Root Vegetable Gratin

7 Reviews
From: EatingWell Magazine November/December 2008

The rich flavor of Gruyère cheese brings out the nutty flavor of the roots in this creamy gratin. Any combination of roots works in this recipe, but if you use red beets, they will streak the gratin with bright color. A delightful side dish for any roasted meat.

Ingredients 8 servings

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  • 3 pounds assorted root vegetables, peeled (see Tip) and cut into 1/8-inch-thick slices
  • 3 tablespoons extra-virgin olive oil, divided
  • 1 cup thinly sliced shallots
  • 1 1/3 cups low-fat milk, divided
  • 3 tablespoons all-purpose flour
  • 1 1/2 cups finely shredded Gruyère cheese, divided
  • 1 tablespoon chopped fresh thyme, or 1 teaspoon dried
  • 1/2 teaspoon salt
  • 1/4 teaspoon freshly ground pepper
  • 1 cup fresh whole-wheat breadcrumbs, (see Tip)

Preparation

  • Active

  • Ready In

  1. Preheat oven to 400 °F. Coat a 9-by-13-inch baking dish with cooking spray.
  2. If using parsnips, quarter lengthwise and remove the woody core before cutting into 1/8-inch thick slices. Cook vegetables in a large pot of boiling water until barely tender, about 5 minutes. Drain.
  3. Heat 2 tablespoons oil in a medium saucepan over medium heat. Add shallots and cook, stirring occasionally, until light brown, 3 to 4 minutes. Add 1 cup milk and bring to a simmer. Combine flour and the remaining 1/3 cup milk in a small bowl to make a smooth paste; stir into the hot milk and cook, whisking constantly, until the sauce bubbles and thickens, 1 to 2 minutes. Remove from the heat. Stir in 3/4 cup cheese, thyme, salt and pepper.
  4. Combine breadcrumbs, the remaining 3/4 cup cheese and 1 tablespoon oil in a bowl.
  5. Layer the vegetable slices in the prepared baking dish. Pour the cheese sauce over the top and top with the breadcrumb mixture.
  6. Bake the gratin until it is bubbling and the top is golden, 30 to 40 minutes. Let cool for 10 minutes before serving.
  • Tips: Beets, carrots and parsnips are easily peeled with a vegetable peeler, but for tougher-skinned roots like celeriac, rutabaga and turnips, removing the peel with a knife can be easier. Cut off one end of the root to create a flat surface to keep it steady on the cutting board. Follow the contour of the vegetable with your knife. If you use a vegetable peeler on the tougher roots, peel around each vegetable at least three times to ensure all the fibrous skin has been removed.
  • To make fresh breadcrumbs, trim crusts from country-style whole-wheat bread. Tear bread into pieces and process in a food processor until coarse crumbs form. One slice of bread makes about 1/2 cup crumbs.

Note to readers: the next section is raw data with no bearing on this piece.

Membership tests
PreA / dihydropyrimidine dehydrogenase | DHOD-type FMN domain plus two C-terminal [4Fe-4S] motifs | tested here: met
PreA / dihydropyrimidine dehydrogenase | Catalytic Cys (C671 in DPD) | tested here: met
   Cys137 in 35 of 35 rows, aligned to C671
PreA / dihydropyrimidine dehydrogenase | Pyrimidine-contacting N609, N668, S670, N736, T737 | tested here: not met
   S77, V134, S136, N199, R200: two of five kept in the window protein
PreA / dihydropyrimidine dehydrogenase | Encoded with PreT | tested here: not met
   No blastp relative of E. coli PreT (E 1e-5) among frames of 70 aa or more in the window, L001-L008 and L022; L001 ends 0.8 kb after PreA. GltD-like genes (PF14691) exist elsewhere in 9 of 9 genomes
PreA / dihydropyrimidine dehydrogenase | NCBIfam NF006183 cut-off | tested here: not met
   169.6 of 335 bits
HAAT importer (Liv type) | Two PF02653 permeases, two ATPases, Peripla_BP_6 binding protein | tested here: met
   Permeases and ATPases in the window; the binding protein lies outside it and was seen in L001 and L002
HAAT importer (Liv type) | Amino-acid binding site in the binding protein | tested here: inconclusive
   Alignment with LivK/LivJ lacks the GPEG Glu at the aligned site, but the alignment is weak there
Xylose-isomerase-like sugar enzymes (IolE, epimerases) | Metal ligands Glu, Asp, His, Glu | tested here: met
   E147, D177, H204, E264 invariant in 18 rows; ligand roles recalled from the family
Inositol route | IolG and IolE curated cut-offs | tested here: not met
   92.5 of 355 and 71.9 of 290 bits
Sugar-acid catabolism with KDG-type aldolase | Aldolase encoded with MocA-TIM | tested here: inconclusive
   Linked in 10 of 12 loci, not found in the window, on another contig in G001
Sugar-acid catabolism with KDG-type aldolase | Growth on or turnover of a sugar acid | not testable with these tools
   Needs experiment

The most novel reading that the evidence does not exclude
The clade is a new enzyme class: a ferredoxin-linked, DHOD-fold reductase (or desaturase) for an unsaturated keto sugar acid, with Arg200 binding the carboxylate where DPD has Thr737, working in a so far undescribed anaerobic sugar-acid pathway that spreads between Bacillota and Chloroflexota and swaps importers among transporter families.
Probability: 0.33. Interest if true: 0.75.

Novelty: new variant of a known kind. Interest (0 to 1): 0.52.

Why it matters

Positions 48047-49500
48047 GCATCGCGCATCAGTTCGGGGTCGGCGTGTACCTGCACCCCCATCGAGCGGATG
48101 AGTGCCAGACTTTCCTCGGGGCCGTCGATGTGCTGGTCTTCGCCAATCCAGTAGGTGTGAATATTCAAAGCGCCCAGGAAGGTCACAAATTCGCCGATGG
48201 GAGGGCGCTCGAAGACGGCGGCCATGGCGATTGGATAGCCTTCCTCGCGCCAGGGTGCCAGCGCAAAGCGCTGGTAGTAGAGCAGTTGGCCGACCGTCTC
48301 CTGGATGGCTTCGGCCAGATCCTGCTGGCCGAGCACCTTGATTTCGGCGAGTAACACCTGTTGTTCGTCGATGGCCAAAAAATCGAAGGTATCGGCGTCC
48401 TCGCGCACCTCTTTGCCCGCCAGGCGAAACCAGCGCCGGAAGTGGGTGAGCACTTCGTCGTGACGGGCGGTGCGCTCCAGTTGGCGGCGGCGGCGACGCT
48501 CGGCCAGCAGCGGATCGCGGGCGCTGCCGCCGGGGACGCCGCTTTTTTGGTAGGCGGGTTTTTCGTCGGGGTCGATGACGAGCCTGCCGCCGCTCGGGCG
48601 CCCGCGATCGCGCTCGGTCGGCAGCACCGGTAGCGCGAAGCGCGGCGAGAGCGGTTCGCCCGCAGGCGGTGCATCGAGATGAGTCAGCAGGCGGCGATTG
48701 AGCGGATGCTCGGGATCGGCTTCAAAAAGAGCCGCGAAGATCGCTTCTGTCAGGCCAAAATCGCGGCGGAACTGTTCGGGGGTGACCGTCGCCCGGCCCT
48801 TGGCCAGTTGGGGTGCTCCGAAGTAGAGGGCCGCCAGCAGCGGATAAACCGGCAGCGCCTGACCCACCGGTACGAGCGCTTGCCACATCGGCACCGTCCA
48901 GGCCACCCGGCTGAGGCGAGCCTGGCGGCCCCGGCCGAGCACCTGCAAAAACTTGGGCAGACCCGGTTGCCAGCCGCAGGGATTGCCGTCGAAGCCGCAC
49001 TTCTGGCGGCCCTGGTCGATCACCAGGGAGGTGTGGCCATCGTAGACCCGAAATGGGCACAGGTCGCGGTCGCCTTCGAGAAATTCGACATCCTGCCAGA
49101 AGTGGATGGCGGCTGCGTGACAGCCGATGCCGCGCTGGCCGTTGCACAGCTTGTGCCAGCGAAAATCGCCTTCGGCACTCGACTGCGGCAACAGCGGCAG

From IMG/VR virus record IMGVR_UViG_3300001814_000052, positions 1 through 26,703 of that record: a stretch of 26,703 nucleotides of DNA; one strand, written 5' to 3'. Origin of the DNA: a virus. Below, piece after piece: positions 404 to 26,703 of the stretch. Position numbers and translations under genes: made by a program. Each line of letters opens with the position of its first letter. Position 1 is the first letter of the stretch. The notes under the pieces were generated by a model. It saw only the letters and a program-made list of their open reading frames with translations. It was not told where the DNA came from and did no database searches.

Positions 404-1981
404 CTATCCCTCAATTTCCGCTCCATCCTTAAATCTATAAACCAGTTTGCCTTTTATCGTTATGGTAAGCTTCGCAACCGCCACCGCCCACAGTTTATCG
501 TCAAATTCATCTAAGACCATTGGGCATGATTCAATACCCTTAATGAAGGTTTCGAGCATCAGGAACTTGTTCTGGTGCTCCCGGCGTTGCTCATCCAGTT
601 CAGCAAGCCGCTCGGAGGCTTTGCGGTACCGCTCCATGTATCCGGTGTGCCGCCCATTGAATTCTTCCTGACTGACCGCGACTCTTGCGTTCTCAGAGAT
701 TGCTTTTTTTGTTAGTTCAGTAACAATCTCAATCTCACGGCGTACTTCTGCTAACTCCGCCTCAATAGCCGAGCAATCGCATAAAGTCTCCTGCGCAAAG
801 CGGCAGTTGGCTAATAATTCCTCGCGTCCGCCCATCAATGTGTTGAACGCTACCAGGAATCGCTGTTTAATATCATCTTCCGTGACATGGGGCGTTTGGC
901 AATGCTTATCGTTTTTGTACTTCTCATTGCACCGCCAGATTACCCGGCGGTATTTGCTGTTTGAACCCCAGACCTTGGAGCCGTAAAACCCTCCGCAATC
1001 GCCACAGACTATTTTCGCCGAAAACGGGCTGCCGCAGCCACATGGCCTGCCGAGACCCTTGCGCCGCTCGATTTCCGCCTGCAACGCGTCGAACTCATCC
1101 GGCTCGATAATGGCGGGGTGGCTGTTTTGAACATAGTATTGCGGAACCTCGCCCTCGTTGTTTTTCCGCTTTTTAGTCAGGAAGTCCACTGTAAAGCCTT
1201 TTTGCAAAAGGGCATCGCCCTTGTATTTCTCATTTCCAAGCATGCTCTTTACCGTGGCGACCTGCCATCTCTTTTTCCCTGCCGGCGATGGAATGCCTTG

Nutrition information

  • Per serving: 285 calories; 13 g fat(5 g sat); 6 g fiber; 33 g carbohydrates; 12 g protein; 115 mcg folate; 24 mg cholesterol; 12 g sugars; 0 g added sugars; 10015 IU vitamin A; 19 mg vitamin C; 311 mg calcium; 2 mg iron; 427 mg sodium; 676 mg potassium
  • Carbohydrate Servings: 2
  • Exchanges: 1 starch, 2 vegetable, 1 high-fat meat, 1 fat

Reviews 7

November 22, 2014
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By: EatingWell User
Has become a tradition for T-day At our CSA a few years ago this recipe was talked about so I tried it. Huge success. Make it the day before to ease up on oven room and to let the favors enhance. Pros: the nutty flavor of the cheese and the beauty of the veggies Cons: Yes, it's work but my hubby helps.
January 16, 2012
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By: EatingWell User
Not my favorite I am a major appreciator of root vegetables. For this recipe I used parsnips, rutabagas, red beets, sweet potatoes and turnips. I really like Gruyere, one of the reasons I chose this recipe, but I think its flavor overwhelmed the vegetables. I made the cheese sauce a bit too thick so it made its own layer on top of the vegetables rather than mixing in, sort of like it's meant to do in pastitsio. I refrigerated the leftovers then peeled off the cheese and topping layer and reheated the vegetables on their own. Everyone liked it better that way. I think we just enjoy root vegetables too much on their own to appreciate them all tarted up. Pros: Love the root vegetables Cons: Too cheesy
December 25, 2010
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By: cgluna1969
Loved it! I made this dish with beets, celeriac, turnips, rutabaga and carrot. I didn't have gruyere cheese so I used 1/2 romano and 1/2 Cabot garlic and herb cheddar. I was delicious! We all loved it and am making it again soon. Best to reheat in oven for left overs, not micro- came out great the next night as well. If you don't have a food processor to slice all the veggies it could be a bit time consuming though. Pros: great way to cook root veggies! Cons: need a food processor
October 03, 2010
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By: nancymann5
This took a lot of prep time, with peeling and cutting (esp. removing core of parsnips!)- but it was well worth it. Everyone at the family Thanksgiving loved it- even my husband, who doesn't care for turnip, beets or thyme! Pros: Cons:
January 11, 2010
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By: EatingWell User
Terrible,terrible, don't bother. Not worth all the work. Pros: Cons:
November 25, 2009
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By: EatingWell User
My husband and I think this dish is fantastic! Crunchy, rich crust with the delicious and colorful vegetables, it works great! Pros: Cons:
November 20, 2009
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By: EatingWell User
I really liked this as did my husband. We did use beets but cooked on the side before adding so that everything didn't turn pink. Gruyere cheese is key, don't sub with something else. Great the first night but doesn't hold up very well as a leftover. Pros: Cons: